(5) 406. R. A. DAVIS and G. FRAENKEL. were arranged, and it is therefore impossible to discuss the results, which, compared with others, seem to give much too high values. Considering the differences of methods and material and the inherent difficulties of the experiment, the results of different authors seem remarkably similar. The average figures given for the bee by Jongbloed & Wiersma (1934) and for the fly by us are almost identical. The comparatively low values given for the hawk moth (Kalmus, 1929) can be explained by the much larger size and the smaller frequency of the wing beat of this moth, compared with bees and flies. The rate of the wing beat of two similar Sphingids, Acherontia atropos and Macrogbssa bombyliformis, is 22 and 80 per sec. respectively; bees beat their wings at a frequency of 250 per sec. approximately (Magnan, 1934). We determined the rate of the wing beat of Lucilia sericata to be 160 per sec. approximately (measured acoustically with the aid of a microphone, an oscillograph and an oscillator). It can therefore be stated that an insect of the size of a fly or a bee, which vibrates the wings rapidly, consumes oxygen at a rate of approximately 100 c.c. per g. live weight per hour. It is difficult to compare this value with that for the basal metabolism. This has never been measured in active adult insects like bees and flies. The basal metabolism of blow-fly larvae is about 0-5 c.c. per g. live weight per hour (Fraenkel & Herford, 1938), and the oxygen uptake of adult blow-flies, which were not at rest, was determined as 2-3 c.c. per g. live weight per hour. It therefore seems that the ratio between the rest and the flight metabolism is in the region of 1 : 100. Flying insects maintain these extremely high rates for some time; a blow-fly may sometimes fly for more than 30 min. In man, during extreme muscular activity, the rate of metabolism increases by ten to fourteen times the normal resting exchange, but this cannot be maintained for more than a few minutes (Starling, 1936). From our observations and those of other authors it seems reasonable to assume that the oxygen consumed during flight derives from carbohydrate metabolism. From the equation CgH^Oe + 6Oj = 6CO2 + 6H,0 it follows that 6x22-41. of oxygen are required for 1 g.mol. carbohydrate, i.e. 180 g. Hence, a fly with an average wet weight of 31 mg. consuming oxygen at the rate of 95-58 c.c. per g. per hour would consume in 1 hr. 4 mg. of sugar. It was not found practicable to weigh flies before and after the experiment for determining the loss of weight during flight, because flies very often vomit or defaecate during the experiment, and the periods of flight are often too short for accurate determination of loss of weight to be made. A series of determinations was, however, made to find out the amount of sugar which one fly may take up in a single meal. Flies were placed on a piece of cane sugar of known weight and the weight again determined after feeding. The results in four cases were 4-8, 5-1, 4-4 and 2-3 mg. It therefore seems that a well-fed fly carries sufficient sugar to allow flight for a period of 1 hr. It was observed in some of the determinations that the oxygen consumption in subsequent readings fell off. It is difficult to say whether this was caused by depletion of carbohydrate stores in the flies, which were obviously in different experiments in a different state of feeding, or by gradual decrease in oxygen tension.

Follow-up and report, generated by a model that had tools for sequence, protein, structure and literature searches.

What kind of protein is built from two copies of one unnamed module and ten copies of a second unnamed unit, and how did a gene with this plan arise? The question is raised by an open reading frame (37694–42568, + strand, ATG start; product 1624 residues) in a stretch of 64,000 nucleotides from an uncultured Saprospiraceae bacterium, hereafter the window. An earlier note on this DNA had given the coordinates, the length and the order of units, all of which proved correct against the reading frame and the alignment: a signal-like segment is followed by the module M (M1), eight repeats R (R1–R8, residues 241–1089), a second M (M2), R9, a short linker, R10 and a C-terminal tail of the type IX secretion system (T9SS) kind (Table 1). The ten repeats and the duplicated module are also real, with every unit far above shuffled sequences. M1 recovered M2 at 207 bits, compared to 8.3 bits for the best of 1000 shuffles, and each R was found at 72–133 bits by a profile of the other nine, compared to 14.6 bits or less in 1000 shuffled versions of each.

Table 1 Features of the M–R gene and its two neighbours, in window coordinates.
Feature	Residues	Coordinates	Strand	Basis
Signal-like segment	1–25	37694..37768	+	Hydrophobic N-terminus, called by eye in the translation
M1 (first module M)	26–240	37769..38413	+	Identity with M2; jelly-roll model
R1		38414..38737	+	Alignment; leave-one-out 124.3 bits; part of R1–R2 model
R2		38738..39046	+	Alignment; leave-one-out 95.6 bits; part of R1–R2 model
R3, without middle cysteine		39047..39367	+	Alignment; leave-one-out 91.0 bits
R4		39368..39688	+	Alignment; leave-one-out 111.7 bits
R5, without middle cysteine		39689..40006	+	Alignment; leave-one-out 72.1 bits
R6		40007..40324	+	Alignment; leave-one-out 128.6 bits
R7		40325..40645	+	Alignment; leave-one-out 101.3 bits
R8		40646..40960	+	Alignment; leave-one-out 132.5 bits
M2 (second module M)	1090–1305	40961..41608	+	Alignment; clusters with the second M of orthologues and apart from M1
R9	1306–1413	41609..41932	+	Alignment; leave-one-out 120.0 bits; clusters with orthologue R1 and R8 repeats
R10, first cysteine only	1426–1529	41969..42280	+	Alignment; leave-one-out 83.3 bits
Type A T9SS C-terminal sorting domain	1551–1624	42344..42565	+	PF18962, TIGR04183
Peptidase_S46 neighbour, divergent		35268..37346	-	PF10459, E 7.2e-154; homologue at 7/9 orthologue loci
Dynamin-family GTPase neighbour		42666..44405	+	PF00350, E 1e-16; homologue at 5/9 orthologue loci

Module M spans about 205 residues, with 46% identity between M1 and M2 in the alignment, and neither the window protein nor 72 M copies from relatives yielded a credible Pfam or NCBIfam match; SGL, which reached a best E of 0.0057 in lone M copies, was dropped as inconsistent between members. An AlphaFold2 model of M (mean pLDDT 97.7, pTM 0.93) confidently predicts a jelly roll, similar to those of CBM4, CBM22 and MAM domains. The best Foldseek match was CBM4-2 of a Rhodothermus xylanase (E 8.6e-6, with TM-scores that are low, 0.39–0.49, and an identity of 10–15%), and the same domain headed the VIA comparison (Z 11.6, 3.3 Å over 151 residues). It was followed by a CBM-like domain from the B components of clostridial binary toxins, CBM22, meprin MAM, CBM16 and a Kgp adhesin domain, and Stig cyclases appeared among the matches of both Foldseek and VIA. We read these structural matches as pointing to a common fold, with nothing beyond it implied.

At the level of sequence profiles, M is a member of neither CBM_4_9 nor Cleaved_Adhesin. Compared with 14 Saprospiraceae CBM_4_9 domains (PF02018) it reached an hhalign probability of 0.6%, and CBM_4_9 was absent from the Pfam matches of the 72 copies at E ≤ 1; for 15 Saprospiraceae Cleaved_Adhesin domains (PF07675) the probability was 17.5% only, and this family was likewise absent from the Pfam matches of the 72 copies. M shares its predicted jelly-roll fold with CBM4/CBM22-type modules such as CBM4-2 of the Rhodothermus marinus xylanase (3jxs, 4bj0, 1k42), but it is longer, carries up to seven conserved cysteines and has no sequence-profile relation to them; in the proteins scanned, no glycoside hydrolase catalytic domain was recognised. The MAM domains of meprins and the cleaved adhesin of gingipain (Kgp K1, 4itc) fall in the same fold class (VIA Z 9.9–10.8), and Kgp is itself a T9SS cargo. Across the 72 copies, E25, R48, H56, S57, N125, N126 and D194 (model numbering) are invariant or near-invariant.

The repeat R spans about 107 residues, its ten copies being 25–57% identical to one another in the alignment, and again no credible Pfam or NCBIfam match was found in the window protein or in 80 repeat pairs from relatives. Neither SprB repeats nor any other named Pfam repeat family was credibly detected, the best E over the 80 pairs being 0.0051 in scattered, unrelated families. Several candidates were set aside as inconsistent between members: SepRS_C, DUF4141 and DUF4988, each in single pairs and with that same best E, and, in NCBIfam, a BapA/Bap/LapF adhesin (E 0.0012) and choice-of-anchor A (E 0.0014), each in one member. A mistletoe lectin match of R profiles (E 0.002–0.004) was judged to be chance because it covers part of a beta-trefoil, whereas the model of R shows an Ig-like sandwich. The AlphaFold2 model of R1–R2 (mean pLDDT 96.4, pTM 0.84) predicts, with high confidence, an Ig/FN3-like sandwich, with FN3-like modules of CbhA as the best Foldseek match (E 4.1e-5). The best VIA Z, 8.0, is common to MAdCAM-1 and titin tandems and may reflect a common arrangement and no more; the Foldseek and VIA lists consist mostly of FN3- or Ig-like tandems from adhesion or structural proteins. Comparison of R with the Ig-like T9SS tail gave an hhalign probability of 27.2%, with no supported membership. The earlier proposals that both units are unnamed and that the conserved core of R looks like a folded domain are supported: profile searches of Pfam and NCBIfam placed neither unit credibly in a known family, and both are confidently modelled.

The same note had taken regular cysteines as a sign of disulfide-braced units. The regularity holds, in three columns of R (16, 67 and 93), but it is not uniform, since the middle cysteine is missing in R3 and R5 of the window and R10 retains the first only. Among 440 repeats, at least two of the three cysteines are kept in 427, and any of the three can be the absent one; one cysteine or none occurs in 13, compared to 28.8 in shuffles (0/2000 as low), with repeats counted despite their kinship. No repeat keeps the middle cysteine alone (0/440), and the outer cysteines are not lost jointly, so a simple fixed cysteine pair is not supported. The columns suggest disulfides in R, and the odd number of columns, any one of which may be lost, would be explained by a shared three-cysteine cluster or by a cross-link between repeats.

(6) The Oxygen Consumption of Flies During Flight. 407. in the small vessel. This falling off in the oxygen consumption was often very marked between the first and second reading. This phenomenon, which has often been noticed in the measurement of the respiration of cold-blooded animals, is due to the fact that animals are stimulated at first after being placed in a respiratory chamber and later "settle down". This effect in our experiments was certainly not a temperature equilibration phenomenon for the following reasons: rapid wing vibration warms the body of theflyand thus the surrounding air also; the air in the vessel would then expand and the reading would be lower instead of higher. After a time a new equilibrium would be reached and the effect would die away. Again, since the readings were regular and consistent on the whole, it seems unlikely that temperature changes influenced them. Also, the Warburg method seemed just as reliable as the Barcroft method in which there is a compensating vessel. One may make the comment on flying insects in general that nearly all those which normally vibrate their wings rapidly like bees, wasps, flies, mosquitoes, Sphingids, and other Lepidoptera, feed on carbohydrates in the form of nectar. A notable exception to this rule are tse-tse flies which feed exclusively on blood. While the amount of blood sugar is certainly too low for sustaining enduring flight (approx. o-i g. %), it can be assumed that blood contains other food substances in an easily assimilable form. Humming birds, which are very insect-like in their habits and which vibrate their wings very rapidly and on account of their small size certainly have a very high metabolism, also feed mainly on carbohydrates. SUMMARY A method is described by which the oxygen uptake of the blow-fly, Lucilia sericata Mg., was measured during flight manometrically in a Warburg and in a Barcroft type of apparatus. The average oxygen consumption in air for all the flies used was 95-580 c.c. per g. wet weight per hour. When flying in pure oxygen the rate of oxygen consumption showed no significant difference; in oxygen-nitrogen mixtures, containing 10 and 5% oxygen, the rate was considerably less than in air. REFERENCES DIXON, M. (1934). Manometric Methods. Cambridge. FRAENKEL, G. (1932). Z. vergl. Physiol. 16, 371-93. FRAKNKKL, G. & HERFORD, G. V. B. (1938). J. exp. Biol. 15, 266-80. JONGBLOED, J. & WIERSMA, C. A. G. (1934). Z. vergl. Physiol. 21, 519-33. KALMUS, H. (1929). Z. vergl. Physiol. 10, 445-55. KOSMIN, N. P., ALPATOV, W. W. & RESNITSCHENKO, M. S. (1932). Z. vergl.. Physiol. 17, 408-22. KROOH, A. (1919). Z. allg. Physiol. 16, 9-15. MACNAN, A. (1934). Le vol des insectes. Paris. PARHON, M. (1909). Ann. Sci. nat. (Zool.), 9, 1-58. RAFFY, A. & PORTIER, P. (1931). C.R. Soc. Biol., Paris, 108, 1062-3. STARLING (1936). Principles of Human Physiology, 7th ed. London. TAUCHERT, F. (1930). Z. Biol. 89, 541-6..